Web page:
Wednesday 23 Jul
 
 

Manmade Objects - Monuments

No one wants to be forgotten; everyone wants some sort of legacy, a mark they leave behind as they exit this life for whatever lies beyond.

And for as long as there has been death, there have been monuments — whether austere or understated, abstract or concrete, prominent or tucked away in private — erected by the ones they loved to assure that remembrance, at least for a time.
07/15/2014 | Comments 0

Admirals - Amidst the Blue

Sometimes it helps to not be very good.

Some of the best albums and artists were born out of happy accidents owed to varying degrees of early suckage — the perfect note or chord for a song found by missing the one you are aiming for, failed mimicry of an idol bearing something entirely new and great instead.

07/09/2014 | Comments 0

Kierston White - Don't Write Love Songs

The Tequila Songbirds have become just as beloved as about any group around these parts. And how could they not?

Featuring a revolving cast of the Sooner State’s most badass female performers, it’s a power hour of some of the best songwriting coming out of central Oklahoma. Sure, they might not technically be family, but they are clearly a band of sisters all the same, bonded by the same brand of whiskey running through their veins.

07/01/2014 | Comments 0

Depth & Current - Dysrhythmia

"Overproduced" is a term thrown around all too indiscreetly nowadays, usually applied when the thing that sticks out about a song or album is how it sounds rather than how it is constructed. Yet some of the most compelling albums ever crafted embodied a certain aesthetic that was just as skillfully and meticulously put together as any Bob Dylan or Miles Davis record — which is to say production is as crucial to our enjoyment of music as much as anything else; it's also the most overlooked.
06/24/2014 | Comments 0

Weak Knees - “IceBevo”

Indie rock has been in a good place as of late. Not caring about being cool is the new cool, and a couple of dudes on guitar, bass and drums can make catchy, earworm songs without being armed to the gills with computer software and vintage synthesizers.
06/17/2014 | Comments 0
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Calvin and jobs


Norman singer/songwriter John Calvin sees his occupation as letting listeners know what it feels like to live in worse parts of the world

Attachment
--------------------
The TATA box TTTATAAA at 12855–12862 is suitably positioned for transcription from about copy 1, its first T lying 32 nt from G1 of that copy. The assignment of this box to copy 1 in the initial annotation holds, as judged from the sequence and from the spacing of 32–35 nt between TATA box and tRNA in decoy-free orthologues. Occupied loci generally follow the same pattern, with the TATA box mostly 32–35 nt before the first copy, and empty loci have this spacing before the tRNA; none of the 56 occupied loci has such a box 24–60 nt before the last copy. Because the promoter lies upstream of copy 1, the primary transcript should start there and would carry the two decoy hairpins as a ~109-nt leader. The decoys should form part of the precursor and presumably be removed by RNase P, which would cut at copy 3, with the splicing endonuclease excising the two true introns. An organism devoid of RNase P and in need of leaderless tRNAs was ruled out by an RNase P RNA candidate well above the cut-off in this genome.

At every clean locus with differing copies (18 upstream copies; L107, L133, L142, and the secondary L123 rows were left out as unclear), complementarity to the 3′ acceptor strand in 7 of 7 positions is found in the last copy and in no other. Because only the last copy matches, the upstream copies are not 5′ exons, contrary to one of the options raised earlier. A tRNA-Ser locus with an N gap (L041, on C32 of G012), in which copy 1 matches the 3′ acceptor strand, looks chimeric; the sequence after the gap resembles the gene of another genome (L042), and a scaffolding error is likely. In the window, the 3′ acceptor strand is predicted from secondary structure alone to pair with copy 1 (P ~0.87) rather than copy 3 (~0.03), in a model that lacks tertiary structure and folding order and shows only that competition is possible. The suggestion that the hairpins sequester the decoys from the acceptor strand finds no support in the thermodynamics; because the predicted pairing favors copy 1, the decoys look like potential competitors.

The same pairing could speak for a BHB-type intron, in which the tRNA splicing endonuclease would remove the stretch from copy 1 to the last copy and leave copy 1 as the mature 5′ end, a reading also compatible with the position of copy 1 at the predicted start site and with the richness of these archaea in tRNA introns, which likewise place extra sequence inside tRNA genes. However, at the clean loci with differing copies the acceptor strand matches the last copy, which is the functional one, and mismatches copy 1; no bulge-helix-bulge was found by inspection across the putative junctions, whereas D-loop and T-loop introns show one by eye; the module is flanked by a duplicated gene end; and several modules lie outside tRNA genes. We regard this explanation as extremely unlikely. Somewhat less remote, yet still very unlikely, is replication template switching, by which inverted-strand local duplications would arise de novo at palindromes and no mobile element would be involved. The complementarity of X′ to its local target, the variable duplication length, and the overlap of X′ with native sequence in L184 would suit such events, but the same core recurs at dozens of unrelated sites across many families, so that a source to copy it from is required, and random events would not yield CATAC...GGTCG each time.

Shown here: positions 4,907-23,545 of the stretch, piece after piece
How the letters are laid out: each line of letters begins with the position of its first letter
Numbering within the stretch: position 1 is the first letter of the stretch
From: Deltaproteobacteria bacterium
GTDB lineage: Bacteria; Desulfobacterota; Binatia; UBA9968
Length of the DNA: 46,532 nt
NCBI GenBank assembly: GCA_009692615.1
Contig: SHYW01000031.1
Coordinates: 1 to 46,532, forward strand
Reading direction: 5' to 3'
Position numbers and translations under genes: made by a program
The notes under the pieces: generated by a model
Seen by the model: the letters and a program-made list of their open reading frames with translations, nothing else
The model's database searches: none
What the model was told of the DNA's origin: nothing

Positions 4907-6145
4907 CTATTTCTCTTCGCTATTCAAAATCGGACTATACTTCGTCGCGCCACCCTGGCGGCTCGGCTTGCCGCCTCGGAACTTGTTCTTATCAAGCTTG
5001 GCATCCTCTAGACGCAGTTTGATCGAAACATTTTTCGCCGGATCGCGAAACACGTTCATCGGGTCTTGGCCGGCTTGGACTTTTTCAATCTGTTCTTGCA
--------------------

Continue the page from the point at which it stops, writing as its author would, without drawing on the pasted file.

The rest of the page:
Joshua Boydston April 13th, 2011

John Calvin and The Calvary
10 p.m. Thursday
Coach’s Brewhouse, 110 W. Main, Norman
coachsbrewhouse.com, 321-2739

Releasing an album is cause for celebration, and Norman-based singer/ songwriter John Calvin did his share as he let loose of his second album, “Wish Alloy.” But, like a good artist, he didn’t stop there.

“When you make an album, it’s a snapshot of you in that point of time — a sonic photo album, you could say. It was nice to have them done and share with people,” he said. “It’s not only a tool for self-promotion, but also self-analysis. It showed me all my inconsistencies and inadequacies.”

The record — brimming with simple and upbeat folk, indie rock and blues ditties — has had a few months to settle. While he enjoys the finished product, much time since has been spent looking at how it could have been better.

“I don’t hate my songs, and I hate the perfectionist attitude. I just want them to be better,” Calvin said. “Songs are never completed. All these songs are in transit. Like one of the sound engineers told me, ‘You never finish recording an album; you just abandon it.’” Not that it’s all bad … “It portrayed growth and adaptation, the evolution of my sound. It shows your craftsmanship and how you’ve learned to build,” he said. “If I was a painter, those would be my first couple of sketches.”

A new batch of songs is quickly cropping up that will assemble into a new album within a year’s time. A planet rife with devastating problems is the perfect muse for the anthropology student who is perpetually in tune with the climate of the world at large. He’s one of a dwindling number of artists who really care about spreading a message that goes deeper than love; it seems appropriate that Calvin, with his affinity for polyester shirts and a wild mane of hair, quite easily could pass for a young Bob Dylan.

“With the stuff going on in Japan, and the Libyan conflict and the Palestinian/Gaza conflict,” he said, “there’s terrible shit happening everywhere. It’s the social function of an artist to help people hear about and relate to these things, and offer their abilities and talents to the awareness and support of the people who are in the fray helping out.”

It’s not so much of their pain being his gain, but making sure everyone else knows how it feels.

“These people can’t walk down the street without having to worry about a Howitzer shell flying past their head,” Calvin said. “I can’t adequately express how these people are feeling, but I can express about how I feel about what they are dealing with. From what I’ve seen, heard and felt, it hurts.”

It won’t be long before Calvin spreads his message and music beyond the bounds of Oklahoma, but first things first.

“I’m going to graduate, and I’m not going to get a real job, because my real job is music,” he said. “I’m going to hit the road after I graduate, find myself in a new place. Maybe Nashville … but I’ll still be around for a few years. I’ve got some more things to show Norman first.”

 
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